The inspired all-girls band Zeb and Haniya is back in the studio to record a follow-up EP (short for extended play, a musical recording that contains more music than a single, but is too short to qualify as an album) after officially announcing that they have signed on with True Brew Records. The untitled EP, which is expected to release sometime during autumn, will be an expression of the band’s free spirit.
The sound and feel for the new EP will provide an original and personal expression that will keep its classical eastern and folk identity, while also testing out several global instrumentals to bring a fresher, more exciting sound.
“We are feeling a bit more confident, so we are taking a few experimental steps here and there, kind of pushing our envelope a little bit,” said an excited Zebunnisa Bangash, better known to fans as Zeb, while speaking to The Express Tribune. “It’s going to be a collaborative effort, and several known as well as lesser known people will be involved.”
The EP will include around five to seven songs. The band plans to produce its second music video from amongst these songs, and release one of the singles from the album midsummer. The album will be done primarily in Urdu, and will showcase the song writing talents of the duo.
Haniya Aslam told The Express Tribune: “In the past few years, our folk covers have gained more attention so our compositions had been left behind. It’s going to be exciting because the writings are being done without the aim of releasing an album, so the spirit in which things are being done has excited us.”
In comparison to their last album, which was planned with a sort of unifying consistency, the band is now using a carefree approach which means that there will be no overarching theme for any of the songs but rather a form of ‘expression from within’.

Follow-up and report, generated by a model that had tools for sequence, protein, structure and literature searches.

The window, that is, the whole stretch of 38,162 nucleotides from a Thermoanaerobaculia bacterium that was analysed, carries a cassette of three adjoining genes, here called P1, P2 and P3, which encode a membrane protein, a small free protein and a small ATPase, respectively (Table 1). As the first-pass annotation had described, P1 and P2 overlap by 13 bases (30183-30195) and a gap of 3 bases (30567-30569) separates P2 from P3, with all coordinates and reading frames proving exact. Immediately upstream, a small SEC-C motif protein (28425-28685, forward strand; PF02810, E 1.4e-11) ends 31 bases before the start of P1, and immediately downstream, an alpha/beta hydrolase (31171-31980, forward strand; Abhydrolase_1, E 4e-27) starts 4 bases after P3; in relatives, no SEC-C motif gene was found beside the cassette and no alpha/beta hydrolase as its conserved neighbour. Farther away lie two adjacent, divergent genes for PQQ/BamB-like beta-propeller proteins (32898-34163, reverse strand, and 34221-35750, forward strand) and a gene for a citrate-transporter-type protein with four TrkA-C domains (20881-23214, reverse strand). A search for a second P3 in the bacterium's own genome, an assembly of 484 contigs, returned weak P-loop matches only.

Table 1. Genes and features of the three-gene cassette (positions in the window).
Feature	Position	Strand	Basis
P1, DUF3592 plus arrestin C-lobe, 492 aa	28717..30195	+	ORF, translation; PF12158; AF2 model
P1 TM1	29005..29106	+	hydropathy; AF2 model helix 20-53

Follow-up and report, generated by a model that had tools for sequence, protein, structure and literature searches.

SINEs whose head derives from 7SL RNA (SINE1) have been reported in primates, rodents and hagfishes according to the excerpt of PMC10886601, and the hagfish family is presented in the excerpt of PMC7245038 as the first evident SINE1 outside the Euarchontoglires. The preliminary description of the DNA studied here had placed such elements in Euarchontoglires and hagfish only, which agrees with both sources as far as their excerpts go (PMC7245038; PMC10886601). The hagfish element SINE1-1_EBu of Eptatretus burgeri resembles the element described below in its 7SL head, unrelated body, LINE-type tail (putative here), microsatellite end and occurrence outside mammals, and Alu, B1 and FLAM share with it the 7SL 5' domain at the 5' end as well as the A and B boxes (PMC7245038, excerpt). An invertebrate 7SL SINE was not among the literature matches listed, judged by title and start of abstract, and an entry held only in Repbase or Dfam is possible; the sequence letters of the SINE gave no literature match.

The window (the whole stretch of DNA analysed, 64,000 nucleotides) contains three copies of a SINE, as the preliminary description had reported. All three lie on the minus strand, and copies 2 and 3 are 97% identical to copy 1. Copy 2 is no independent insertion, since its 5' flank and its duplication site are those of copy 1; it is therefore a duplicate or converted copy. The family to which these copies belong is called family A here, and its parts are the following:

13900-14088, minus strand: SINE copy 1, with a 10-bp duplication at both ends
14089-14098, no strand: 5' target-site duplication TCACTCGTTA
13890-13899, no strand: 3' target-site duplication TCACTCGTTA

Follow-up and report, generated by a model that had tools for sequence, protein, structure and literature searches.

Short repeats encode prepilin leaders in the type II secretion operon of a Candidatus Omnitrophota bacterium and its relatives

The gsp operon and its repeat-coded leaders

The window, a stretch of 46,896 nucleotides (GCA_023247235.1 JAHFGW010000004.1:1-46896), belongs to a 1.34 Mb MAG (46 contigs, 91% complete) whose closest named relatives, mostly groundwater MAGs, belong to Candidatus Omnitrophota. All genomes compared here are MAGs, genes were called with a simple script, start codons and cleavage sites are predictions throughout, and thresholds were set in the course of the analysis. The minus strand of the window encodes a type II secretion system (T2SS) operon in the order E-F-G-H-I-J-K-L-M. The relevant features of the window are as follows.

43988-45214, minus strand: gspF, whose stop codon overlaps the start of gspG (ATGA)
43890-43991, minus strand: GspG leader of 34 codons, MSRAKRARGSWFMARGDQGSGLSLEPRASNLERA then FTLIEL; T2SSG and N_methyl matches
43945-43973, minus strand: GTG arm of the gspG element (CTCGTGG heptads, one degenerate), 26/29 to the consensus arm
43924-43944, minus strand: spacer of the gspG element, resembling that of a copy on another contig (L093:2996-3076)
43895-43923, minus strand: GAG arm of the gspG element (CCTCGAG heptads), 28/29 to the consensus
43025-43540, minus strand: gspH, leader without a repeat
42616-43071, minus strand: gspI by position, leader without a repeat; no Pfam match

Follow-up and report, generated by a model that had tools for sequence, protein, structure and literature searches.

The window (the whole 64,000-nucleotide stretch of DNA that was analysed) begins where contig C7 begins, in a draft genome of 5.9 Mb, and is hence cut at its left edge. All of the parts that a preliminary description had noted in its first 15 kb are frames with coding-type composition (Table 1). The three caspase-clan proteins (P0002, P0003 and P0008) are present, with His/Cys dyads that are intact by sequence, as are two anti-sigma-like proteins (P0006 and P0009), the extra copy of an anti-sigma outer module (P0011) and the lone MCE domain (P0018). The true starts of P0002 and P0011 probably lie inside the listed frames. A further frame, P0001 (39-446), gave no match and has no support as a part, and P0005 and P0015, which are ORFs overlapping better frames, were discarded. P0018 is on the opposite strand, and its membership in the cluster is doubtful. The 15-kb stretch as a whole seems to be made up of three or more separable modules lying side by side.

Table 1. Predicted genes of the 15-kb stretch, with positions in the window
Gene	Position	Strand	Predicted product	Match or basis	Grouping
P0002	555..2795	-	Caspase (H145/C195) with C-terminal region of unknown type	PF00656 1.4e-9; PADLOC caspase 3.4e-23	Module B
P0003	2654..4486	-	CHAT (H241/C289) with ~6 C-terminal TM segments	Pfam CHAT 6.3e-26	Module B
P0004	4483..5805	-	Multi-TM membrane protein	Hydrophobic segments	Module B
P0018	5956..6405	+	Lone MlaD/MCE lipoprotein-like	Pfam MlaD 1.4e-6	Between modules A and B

One song that has gained buzz already is “The Happy Song”, which was widely discussed during their interview on NPR in America. That song is supposed to be a sort of lullaby, which promotes positive vibes and beauty during a time of darkness and turmoil.
As for exploring the band ‘s future prospects, they do not fear being called ‘mainstream’ or ‘commercial’ in the future.
“This goes back to the Zia era. A lot of the musicians could not make money because there were a lot taxes and restrictions on them. That is no way for any art to flourish,” says Zeb. “The private sector has done a lot right – from the time of Nazia Hassan to Junoon – otherwise, you would not have had a pop industry in Pakistan.”
India, another market that is now being tapped by leading Pakistani artists such as Rahat Fateh Ali Khan, Atif Aslam and now even Ali Zafar, seems like a plausible shift since the band already has a growing fan following there. Even now, half of the duo’s followers on their Facebook page are from India. The band said that there were certain subcontinental linkages that entice people to cross over into the Indian market.
“India has a huge classical music tradition, which is one of my passions,” said Zeb. “Really, it provides two things for artists: One is love and appreciation from fans, but also, it’s the great pride of being an artist from Pakistan. “